By Bill Eagle
We seem to be living in an age of alternative news and alternative realities. I thought it might be fun to share a little bit of alternative history with you.
According to Wikipedia Francisco "Pancho" Villa (born José Doroteo Arango Arámbula; 5 June 1878 – 20 July 1923) was a Mexican Revolutionary general and one of the most prominent figures of the Mexican Revolution.”
He was the spirit of that revolution; he was a bandit, a revolutionary, a hero and a martyr.
The Mexican revolution lasted over 10 years. It was a lawless, blood filled tumultuous time in Mexican history and many a bully and many a bandit, tried to emulate Poncho Villa.
Such a man was the Bandit Gonzales Gonzales.
Gonzales Gonzales was a thug. He lacked both the intelligence and the real revolutionary spirit of Poncho Villa. To be truthful, he really didn’t give a rip about who was President of Mexico, be it Francisco Madero, or General Victoriano Herta.
What Gonzales Gonzales really cared about was his own freedom. Freedom to steal, bully and terrorize the less fortunate.
It was a hot and dusty day in Los Diablos, a small village situated somewhere between the states of Sonora and Chihuahua. Los Diablos didn’t have much to offer visitors. They had a fairly reliable village well, a mission church, several adobe homes and a run down seedy cantina.
Little Pedro Hernazdez jingled the pesos in his pocket and whistled a song as he walked into the Los Diablos Cantina. It was apparent to all that he was a happy man as he leaned over the Cantina’s dusty bar and ordered for himself a warm Mexican beer.
Pedro was on his second beer when a bearded man wearing a large Ammo belt and a Sheriff’s badge pushed his way through the cantina’s double dutch doors.
“Has anyone seen Gonzales Gonzales? Someone has telegraphed me that he is in this area. I have ridden all the way from Hermosillo. The Federal government and the combined states of Sonora and Chihuahua will pay 10,000 peso’s reward for information leading to his arrest. “
10,000 peso’s was a very large amount of money, even for an incompetent bully like Gonzales Gonzales. People looked up from their card games and a murmur could be heard from the crowd.
Little Pedro slowly turned away from the bar and faced toward the Sheriff. He wiped a few flecks of foam from his mustache and said “Sí señor Sheriff. I have seen Gonzales Gonzales.”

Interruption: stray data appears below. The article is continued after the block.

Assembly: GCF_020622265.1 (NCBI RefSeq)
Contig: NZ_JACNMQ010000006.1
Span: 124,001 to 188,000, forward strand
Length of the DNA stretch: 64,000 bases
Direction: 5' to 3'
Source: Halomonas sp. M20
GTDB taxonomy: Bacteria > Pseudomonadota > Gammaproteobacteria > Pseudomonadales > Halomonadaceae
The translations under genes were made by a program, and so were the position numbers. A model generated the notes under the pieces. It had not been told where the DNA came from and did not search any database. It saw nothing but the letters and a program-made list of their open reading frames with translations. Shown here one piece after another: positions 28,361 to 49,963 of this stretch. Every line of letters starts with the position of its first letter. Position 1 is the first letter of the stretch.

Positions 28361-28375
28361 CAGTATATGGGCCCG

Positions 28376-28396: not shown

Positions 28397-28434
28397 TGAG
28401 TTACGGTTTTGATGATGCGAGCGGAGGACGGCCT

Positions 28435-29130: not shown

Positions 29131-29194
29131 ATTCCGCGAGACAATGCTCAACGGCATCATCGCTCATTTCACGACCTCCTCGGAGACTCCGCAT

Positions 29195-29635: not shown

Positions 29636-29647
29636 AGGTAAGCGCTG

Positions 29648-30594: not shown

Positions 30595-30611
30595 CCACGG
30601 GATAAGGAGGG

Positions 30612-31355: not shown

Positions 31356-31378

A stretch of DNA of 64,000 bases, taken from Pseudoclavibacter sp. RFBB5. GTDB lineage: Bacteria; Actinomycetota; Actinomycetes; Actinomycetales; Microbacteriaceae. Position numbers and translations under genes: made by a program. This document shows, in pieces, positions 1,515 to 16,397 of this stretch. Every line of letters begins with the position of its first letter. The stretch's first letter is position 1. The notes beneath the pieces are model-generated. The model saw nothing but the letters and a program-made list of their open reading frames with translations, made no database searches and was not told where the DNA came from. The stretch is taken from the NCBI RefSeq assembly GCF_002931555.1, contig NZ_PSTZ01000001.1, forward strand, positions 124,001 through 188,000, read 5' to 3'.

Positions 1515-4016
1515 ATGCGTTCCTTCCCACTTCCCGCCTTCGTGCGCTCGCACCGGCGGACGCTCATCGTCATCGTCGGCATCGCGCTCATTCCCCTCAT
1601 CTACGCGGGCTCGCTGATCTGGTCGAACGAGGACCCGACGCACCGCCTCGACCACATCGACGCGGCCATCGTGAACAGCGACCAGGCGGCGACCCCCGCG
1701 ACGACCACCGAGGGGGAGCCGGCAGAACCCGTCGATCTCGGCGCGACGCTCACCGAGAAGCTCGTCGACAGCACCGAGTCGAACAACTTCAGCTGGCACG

People shook their heads in disbelief. Pedro seemed happy and still had money to buy beer. They looked at little Pedro Hernandez. He was bairly 5’ 5” with his boots on. How was he able to have seen this bully and bandit and yet not have a mark on him?
The Sheriff looked at Pedro and said. “Tell me about it.”
Pedro stood as tall as he could and said: “I was riding on my horse out by the old El Borrego mine. When who goes riding out of the mine but Gonzoles Gonzoles. He pulls out a great big pistola, points it at me and says “Get off your horse.”
Little Pedro motions for another beer and continues. “Now, I did not want to get off my horse, but Gonzoles Gonzoles has a great big Pistola and he is pointing it at me, so I get off my horse.
Then Gonzolas Gonzolas he say “Give me your Dinero.”
Now, I did not have much Dinero. All I had were two Peso’s and three centavos.
Gonzales Gonzales he say “Is that all you have.”
I said “Sí señor.”
He then looked very hard at me shook his pistola and said “Little Estúpido, if that is all the dinero you have, then kiss your horses extremo.”
Now señor Sheriff, I do love my horse, but I don’t love my horse that much, but Gonzales Gonzales has a great big pistol and he waved it at me so I kissed my horses extremo.
Then Gonzales Gonzales he laugh, he laugh and said “eat your horses excrementos (its’ droppings.”)
Now Sheriff, I was not one bit hungry, but Gonzales Gonzales has a great big pistola and he pointed it at me. So I ate some of my horses excrementos.
Gonzales Gonzales he laugh. He laugh and laugh. He laughed so hard that he dropped his pistola.
I picked up Gonzales Gonzales’s pistola and I said to him “Gonzales Gonzales, get off your horse.”
I tie Gonzales Gonzales up and I take my money back from him, and maybe a little bit more. I leave him where I found him at the old El Borrego mine.
Now Señor Sheriff, you ask if I have seen Gonzales Gonzales. Why I just had lunch with him this afternoon.